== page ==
Ann Conkle
May 16, 2012

VIDEO - Paralyzed people control robotic arms directly with brain activity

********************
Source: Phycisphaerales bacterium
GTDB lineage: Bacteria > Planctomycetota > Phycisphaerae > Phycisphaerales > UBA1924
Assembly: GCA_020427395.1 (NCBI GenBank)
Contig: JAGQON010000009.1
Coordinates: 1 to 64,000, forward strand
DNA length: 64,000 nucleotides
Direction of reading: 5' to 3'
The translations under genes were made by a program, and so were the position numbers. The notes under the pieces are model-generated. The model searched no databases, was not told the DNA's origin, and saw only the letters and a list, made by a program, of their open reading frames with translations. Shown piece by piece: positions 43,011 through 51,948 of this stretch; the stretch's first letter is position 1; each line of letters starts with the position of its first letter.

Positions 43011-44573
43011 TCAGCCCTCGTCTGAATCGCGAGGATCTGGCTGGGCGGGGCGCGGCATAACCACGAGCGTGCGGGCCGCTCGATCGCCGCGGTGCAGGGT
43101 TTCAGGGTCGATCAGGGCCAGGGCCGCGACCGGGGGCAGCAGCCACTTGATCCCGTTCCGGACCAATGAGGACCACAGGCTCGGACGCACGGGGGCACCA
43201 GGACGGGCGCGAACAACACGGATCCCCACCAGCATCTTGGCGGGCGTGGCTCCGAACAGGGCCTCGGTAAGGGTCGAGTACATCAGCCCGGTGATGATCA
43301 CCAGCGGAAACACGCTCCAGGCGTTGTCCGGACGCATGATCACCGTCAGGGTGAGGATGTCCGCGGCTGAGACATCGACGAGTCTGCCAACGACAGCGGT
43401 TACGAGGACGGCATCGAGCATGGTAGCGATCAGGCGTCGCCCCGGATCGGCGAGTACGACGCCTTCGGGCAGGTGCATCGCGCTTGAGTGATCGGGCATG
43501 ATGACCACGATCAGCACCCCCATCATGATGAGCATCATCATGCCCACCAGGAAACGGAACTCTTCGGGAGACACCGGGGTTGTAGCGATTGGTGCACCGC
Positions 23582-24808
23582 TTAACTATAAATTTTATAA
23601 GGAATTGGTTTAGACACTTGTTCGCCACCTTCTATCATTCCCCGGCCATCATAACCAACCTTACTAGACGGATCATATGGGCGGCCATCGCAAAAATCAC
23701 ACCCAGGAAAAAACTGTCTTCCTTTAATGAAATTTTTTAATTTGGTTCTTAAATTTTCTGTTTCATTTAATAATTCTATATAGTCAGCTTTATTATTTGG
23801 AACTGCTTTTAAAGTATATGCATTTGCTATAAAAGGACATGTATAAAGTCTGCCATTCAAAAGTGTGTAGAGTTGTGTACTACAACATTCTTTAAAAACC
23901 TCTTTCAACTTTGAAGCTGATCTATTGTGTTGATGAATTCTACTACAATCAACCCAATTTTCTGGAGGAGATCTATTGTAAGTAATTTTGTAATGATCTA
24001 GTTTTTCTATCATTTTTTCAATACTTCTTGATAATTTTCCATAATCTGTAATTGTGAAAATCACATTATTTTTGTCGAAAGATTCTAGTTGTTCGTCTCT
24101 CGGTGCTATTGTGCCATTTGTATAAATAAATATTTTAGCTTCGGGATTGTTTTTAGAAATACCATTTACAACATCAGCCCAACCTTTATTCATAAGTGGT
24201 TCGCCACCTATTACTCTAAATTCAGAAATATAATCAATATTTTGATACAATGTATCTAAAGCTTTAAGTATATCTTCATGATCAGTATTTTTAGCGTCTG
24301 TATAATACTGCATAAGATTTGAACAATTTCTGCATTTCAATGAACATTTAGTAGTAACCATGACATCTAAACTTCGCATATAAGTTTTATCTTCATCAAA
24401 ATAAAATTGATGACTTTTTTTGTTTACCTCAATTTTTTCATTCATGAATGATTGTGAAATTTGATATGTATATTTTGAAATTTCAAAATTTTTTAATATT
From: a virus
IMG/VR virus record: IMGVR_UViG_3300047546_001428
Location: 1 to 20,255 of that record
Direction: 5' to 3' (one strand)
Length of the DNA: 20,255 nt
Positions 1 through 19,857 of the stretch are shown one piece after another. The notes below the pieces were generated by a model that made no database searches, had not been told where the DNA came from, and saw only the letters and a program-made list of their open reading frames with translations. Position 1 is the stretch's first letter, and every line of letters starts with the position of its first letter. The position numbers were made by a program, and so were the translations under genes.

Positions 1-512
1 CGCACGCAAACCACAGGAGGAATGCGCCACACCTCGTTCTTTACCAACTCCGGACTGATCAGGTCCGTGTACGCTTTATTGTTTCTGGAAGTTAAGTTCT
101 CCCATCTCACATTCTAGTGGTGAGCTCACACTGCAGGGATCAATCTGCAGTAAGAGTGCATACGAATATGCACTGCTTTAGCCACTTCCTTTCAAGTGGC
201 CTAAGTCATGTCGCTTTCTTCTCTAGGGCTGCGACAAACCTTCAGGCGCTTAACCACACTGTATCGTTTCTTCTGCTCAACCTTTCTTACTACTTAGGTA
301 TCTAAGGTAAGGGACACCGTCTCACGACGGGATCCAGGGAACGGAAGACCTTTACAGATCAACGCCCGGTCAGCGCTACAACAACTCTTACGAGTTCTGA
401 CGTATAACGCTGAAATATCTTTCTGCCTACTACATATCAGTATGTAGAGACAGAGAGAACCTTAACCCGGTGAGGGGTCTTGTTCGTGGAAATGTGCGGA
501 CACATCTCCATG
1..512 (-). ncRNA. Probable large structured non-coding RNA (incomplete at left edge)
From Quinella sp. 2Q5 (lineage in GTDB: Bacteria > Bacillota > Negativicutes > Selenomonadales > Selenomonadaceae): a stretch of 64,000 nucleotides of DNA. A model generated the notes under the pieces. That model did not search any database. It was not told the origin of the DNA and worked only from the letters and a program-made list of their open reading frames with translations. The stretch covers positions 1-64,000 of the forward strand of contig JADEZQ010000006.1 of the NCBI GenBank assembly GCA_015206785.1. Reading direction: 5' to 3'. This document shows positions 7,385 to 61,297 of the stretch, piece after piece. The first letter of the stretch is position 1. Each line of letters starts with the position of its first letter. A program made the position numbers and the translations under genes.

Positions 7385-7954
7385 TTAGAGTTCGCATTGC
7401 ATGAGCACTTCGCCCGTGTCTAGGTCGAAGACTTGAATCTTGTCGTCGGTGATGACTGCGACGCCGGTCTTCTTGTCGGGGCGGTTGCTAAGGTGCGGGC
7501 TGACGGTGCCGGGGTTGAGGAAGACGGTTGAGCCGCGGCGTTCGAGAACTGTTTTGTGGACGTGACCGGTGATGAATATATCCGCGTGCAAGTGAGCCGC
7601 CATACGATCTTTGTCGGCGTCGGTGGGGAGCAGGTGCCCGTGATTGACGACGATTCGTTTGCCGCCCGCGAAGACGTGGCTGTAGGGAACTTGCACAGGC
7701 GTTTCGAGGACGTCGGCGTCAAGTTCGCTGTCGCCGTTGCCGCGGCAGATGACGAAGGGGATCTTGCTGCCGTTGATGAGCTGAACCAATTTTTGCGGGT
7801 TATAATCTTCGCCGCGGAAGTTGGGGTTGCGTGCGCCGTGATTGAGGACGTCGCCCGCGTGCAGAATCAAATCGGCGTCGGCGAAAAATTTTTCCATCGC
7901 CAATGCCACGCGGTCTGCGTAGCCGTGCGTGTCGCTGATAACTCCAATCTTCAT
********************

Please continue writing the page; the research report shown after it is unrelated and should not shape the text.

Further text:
A new study in Nature reports that two paralyzed people were able to grasp objects using robotic arms that they controlled with a brain-computer interface. On April 12, 2011, nearly 15 years after she became paralyzed and unable to speak, one of the subjects controlled a robotic arm by thinking about moving her arm and hand to lift a bottle of coffee to her mouth and take a drink. That achievement is one of the advances in brain-computer interfaces, restorative neurotechnology and assistive robot technology described in Nature by the BrainGate2 collaboration of researchers at the Department of Veterans Affairs, Brown University, Massachusetts General Hospital, Harvard Medical School and the German Aerospace Center. A 58-year-old woman and a 66-year-old man participated in the study. They had each been paralyzed by a stroke years earlier, which left them with no functional control of their limbs.